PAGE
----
Addictions – A Banquet in the Grave: Finding Hope in the Power of the Gospel (Book Review)

Addictions – A Banquet in the Grave: Finding Hope in the Power of the Gospel is a book for every Christian. Usually when we hear the word “addiction,” our thoughts immediately leap to illegal drugs, alcohol, or nicotine. As the author correctly points out in this book, every Christian faces the temptation of addiction. The difference is some addictions are more acceptable than others. I can be addicted to books for example. Others can be addicted to food, credit cards, a beautiful yard, a hobby, work, or a multitude of other items in God’s created order.

Welch rightly calls addictions sin. Addictions reveal a love of self and thus are idolatry. In the practice of them we put ourselves above God. Addictions are sin. This diagnosis will not be acceptable to many in our culture. But it is what we need to hear.

The author shows the pathway by which one can become addicted. More importantly he shows the only true way that slaves to addictions can be freed. Thus this volume is filled with hope for those who are tempted to or are already feasting on a “banquet in the grave.”

The book is divided into two sections. In the first part “Thinking Theologically,” the author explains what an addiction is and why it is a sin, not a sickness. The final chapter in this section tellingly describes the actual road into addiction. This is a great help as the reader examines his own life or seeks to rightly minister to a relative or friend who is in the grasp of an addiction.

The second part is entitled “Essential Theological Themes.” In these chapters Welch provides excellent help to those who desire to help untangle the fingers of addiction’s grasp on a loved one. Chapter titles include: “Speaking the Truth in Love,” “Respecting, Listening and Inviting,” and “Fearing the Lord.” The concluding chapter “Being Part of the Body” emphasizes the importance of the ministry of a local church and the great need of the individual being connected to a local body of believers.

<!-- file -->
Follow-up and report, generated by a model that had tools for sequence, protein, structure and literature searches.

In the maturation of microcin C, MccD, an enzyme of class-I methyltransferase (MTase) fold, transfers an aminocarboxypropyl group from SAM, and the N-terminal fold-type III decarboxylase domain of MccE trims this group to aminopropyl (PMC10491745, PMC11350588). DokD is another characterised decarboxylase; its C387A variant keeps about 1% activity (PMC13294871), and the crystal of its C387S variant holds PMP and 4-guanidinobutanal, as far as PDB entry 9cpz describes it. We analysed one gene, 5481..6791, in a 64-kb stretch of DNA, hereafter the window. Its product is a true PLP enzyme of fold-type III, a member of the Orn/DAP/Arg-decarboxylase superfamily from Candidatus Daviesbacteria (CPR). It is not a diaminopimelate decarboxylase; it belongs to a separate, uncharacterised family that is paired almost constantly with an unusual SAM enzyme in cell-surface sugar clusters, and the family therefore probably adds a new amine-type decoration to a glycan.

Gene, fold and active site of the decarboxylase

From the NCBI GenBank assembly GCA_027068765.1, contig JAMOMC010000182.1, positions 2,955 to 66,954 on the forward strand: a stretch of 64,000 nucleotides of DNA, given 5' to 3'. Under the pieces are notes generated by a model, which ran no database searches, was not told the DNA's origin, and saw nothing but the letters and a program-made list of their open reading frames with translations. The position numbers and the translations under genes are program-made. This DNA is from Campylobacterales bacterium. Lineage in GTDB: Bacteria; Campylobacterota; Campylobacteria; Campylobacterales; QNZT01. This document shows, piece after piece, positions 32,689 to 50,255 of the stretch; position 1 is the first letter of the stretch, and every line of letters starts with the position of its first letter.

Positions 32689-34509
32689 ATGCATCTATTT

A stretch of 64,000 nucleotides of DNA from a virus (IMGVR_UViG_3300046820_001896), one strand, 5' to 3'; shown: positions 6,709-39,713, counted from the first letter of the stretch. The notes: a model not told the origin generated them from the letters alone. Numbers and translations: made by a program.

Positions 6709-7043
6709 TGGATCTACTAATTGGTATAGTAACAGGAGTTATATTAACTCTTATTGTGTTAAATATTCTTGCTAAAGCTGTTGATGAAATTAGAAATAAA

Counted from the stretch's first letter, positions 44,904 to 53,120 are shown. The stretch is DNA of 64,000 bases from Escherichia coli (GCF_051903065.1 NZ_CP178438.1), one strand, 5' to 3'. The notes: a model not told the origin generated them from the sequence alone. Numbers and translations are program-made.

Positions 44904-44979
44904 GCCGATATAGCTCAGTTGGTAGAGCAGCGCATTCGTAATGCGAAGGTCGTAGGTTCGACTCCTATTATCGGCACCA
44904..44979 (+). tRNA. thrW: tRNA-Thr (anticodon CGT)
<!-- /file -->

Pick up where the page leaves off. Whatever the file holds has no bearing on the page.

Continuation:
The book concludes with a section on resources and a Scripture index. Illustrations throughout this volume aptly portray what the author explains in the text.

Welch is a counselor at the Christian Counseling and Educational Foundation. He is ably qualified to write this work. However, his qualifications do not rest in his educational degrees or counseling experience. His ability rests in his commitment to the fact that Scripture speaks to every aspect of life. Throughout the volume he time and again confronts the reader with the application of Scripture to the particular point he is making. He reminds the reader that those helping addicts, those tempted to addiction, as well as actual addicts need to have a Biblical view of sin, salvation, and sanctification. Because this volume drips with the honey of Scripture, pastors and laymen will find a wealth of practical passages at their fingertips to use in their ministry to others as well as for their own meditation.

Welch writes pastorally and practically. Chapters conclude with a section entitled “Practical Theology.” Included here are comments and/or questions to aid those who seek to help the addicted.

Throughout the text and practical helps Welch continually and compassionately reminds his readers that we are to worship God, not ourselves. This is a lesson we need to be reminded of frequently. We can be thankful for the author’s ministry to all Christians in his penning of this work.


Byron Snapp is Associate Pastor of Calvary Reformed Presbyterian Church in Hampton, Va. He is a graduate of King College (B.A.) and Reformed Theological Seminary (M.Div.). He and his wife, Janey, have three children. He can be contacted at